As I have written in two recent posts, the biblical accounts of the birth of Jesus are not actual history. They are stories told to indicate the special nature of Jesus. Which means, we shouldn’t read them as history (ἱστορία). The Christmas story isn’t history. The Christmas story is myth (μῦθος).
As myth, the story points to important truths. It orients us to the claim that God is involved in human history. It sets the foundations for hearing the narratives about Jesus as accounts which resonate with God’s intentions for humanity.
The stories told at Christmas are located in specific human situations, and point to specific human needs. Outsiders and outcasts are included in the story told by Luke. Shepherds, despised for their work and marginalised from society, appear front and centre in his story. Strangers travel from distant foreign lands in Matthew’s narrative, bearing gifts to pay homage to the infant Jesus.
Women, not men, play central roles in the opening chapters of Luke’s story. Elizabeth, cursed as barren, blossoms into pregnancy, and speaks where her husband is struck dumb. Mary, young and virginal, receives startling news from an angel; she holds her own stands up to the angel, commits to the task, and then sings powerful words of justice, signalling in advance the revolutionary message that will be spoken by the child whom she is bearing.
Both Luke and Matthew include the gritty reality of the refugee situation in their accounts. Luke has a pregnant Mary undertake an enforced journey with Joseph, from Nazareth to Bethlehem, the hometown of his family line, only to be forced to give birth in precarious circumstances. There is no historical evidence for the census that occasioned this journey, but the story provides a compelling vision of what refugees faced then, and still face today.
Matthew has Mary and Joseph, with Jesus now a two-year-old toddler, making an even longer forced trek, from Bethlehem into Egypt, because of the excessive reaction of the king of the time. There is also no historical evidence for the slaughter of all boys aged two and under in Bethlehem at that time, but the story in Matthew’s Gospel again highlights the tenuous situations faced by refugees, then as now.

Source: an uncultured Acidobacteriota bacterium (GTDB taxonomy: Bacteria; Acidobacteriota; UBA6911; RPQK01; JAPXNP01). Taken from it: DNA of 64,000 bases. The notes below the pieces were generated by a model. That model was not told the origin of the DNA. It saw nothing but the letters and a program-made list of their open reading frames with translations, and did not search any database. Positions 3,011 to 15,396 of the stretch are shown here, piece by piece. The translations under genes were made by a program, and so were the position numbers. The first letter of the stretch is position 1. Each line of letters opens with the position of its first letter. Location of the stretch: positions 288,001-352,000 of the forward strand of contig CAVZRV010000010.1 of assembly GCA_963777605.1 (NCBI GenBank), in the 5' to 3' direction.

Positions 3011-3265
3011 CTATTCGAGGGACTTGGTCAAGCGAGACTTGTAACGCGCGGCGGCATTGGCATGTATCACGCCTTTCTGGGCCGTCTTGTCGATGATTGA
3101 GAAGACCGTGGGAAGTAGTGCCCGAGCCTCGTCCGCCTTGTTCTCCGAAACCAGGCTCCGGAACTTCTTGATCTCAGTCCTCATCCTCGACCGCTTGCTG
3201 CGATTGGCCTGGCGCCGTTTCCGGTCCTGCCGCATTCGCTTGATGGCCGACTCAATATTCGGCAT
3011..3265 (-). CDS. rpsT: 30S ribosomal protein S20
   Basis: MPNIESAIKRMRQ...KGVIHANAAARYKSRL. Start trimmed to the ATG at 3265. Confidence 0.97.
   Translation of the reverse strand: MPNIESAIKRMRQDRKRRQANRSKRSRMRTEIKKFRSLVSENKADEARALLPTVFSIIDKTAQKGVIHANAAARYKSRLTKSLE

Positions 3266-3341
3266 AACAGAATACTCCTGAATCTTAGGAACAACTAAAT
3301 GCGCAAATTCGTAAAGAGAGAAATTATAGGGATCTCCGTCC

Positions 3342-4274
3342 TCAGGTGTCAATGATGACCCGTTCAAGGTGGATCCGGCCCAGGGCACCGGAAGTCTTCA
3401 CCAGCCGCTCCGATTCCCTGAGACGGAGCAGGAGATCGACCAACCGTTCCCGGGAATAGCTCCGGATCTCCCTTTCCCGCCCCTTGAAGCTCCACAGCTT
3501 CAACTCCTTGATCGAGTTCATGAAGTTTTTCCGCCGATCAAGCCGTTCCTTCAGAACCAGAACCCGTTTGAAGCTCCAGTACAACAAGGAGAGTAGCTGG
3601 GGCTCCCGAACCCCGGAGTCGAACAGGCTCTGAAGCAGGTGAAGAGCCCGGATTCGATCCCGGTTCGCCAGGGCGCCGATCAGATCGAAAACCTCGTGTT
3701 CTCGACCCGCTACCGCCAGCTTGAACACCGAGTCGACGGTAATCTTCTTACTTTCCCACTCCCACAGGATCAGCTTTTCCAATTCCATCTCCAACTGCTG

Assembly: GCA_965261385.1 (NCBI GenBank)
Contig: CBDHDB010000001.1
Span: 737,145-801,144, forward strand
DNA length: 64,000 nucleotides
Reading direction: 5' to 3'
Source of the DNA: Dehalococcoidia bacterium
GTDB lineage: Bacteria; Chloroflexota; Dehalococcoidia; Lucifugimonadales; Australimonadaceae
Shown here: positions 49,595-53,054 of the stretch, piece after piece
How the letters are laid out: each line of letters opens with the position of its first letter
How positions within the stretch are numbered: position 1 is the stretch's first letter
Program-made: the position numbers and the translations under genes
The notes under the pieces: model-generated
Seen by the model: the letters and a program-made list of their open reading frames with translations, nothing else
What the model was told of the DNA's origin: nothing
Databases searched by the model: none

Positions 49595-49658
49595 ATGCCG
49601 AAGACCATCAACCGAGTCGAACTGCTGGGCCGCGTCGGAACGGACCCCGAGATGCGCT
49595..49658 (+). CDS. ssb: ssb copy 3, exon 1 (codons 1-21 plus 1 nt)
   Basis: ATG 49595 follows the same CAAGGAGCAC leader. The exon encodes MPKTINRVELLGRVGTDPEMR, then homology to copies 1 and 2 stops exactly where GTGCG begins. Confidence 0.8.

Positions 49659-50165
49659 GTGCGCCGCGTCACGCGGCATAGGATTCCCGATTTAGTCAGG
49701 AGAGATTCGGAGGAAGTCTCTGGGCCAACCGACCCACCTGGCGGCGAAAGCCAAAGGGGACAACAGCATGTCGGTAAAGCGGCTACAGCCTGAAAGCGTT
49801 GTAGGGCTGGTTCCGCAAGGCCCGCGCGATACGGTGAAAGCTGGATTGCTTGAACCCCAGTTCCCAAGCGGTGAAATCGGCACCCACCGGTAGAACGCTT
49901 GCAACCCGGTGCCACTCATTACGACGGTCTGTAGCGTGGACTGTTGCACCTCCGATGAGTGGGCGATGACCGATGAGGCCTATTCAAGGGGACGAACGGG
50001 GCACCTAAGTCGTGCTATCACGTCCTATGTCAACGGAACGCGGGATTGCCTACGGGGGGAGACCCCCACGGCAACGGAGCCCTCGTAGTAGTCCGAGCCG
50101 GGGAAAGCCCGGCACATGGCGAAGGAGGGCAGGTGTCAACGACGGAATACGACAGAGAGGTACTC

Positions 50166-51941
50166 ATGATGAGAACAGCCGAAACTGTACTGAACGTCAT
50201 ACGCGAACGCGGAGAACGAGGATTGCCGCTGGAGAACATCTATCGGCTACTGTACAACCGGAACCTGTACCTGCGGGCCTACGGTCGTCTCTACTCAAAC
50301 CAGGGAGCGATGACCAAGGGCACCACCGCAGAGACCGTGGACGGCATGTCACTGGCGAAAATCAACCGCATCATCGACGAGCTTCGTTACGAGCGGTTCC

Matthew’s Moses typology leads him to place the slaughter of the Innocents right at the heart of his narrative. He grounds the story of Jesus in the historical, political, and cultural life of the day, when a tyrant could exercise immense power, when the sensibilities we have about human life seem absent. It provides a dreadful realism to a story which, all too often in the developing Christian Tradition, became etherealised, spiritualised, and romanticised.
We need to remember the Christmas story as an important pointer to the counter-cultural, alternative-narrative impact of the person of Jesus. It is not history, but it offers a powerful myth. It grounds our faith in a revolutionary understanding of reality, and in actions that establish an alternative reality. The story is not to be domesticated and coated in syrup; its stark reality and honest grappling with life needs to be grasped and valued.
As we sing songs of this story, let us not reify the story (that is, turn the narrative into “a thing”, like history) … let us not collapse the story into a surface “real history”, but let us allow the story to speak in a deep way of who we are as humans, and of the reality of our lives today. That is how the story functions, as myth (μῦθος) — not in the sense of myth being “not true”, but rather, in the sense of myth plumbing the depths of human existence.
Myths are the stories we tell that convey deep-seated and fundamental insights about life. Whether they “actually happened” is not the point. More fundamental is that they help us to make sense of our lives. They draw us out of our comfort and preoccupations, and challenge us to see a different reality, to live a different life.
Bernard F. Batto (Professor Emeritus of Religious Studies at DePauw University, Indiana), writes: “In everyday usage today, myth carries a meaning of something untrue, a fable, a fiction, or an illusion. Anthropologists and historians of religion, however, use the term ‘myth’ with a quite different meaning. For them myth refers to a traditional story, usually associated with the time of origins, that has paradigmatic significance for the society in which the story is operative.”
So, this Christmas, let’s rejoice that we have this foundational and paradigmatic story which is not history (ἱστορία), but which functions as myth (μῦθος). And as myth, this story stirs our imaginings and challenges our presuppositions, giving us a different perspective on the realities of life in this world, indicating to us how God engages with us and interacts with our world.
See also https://johntsquires.com/2018/12/28/the-counter-cultural-alternative-narrative-impact-of-the-person-of-jesus/ and https://johntsquires.com/2018/12/24/resonating-with-christmas-a-story-of-restless-travel-and-seeking-refuge/#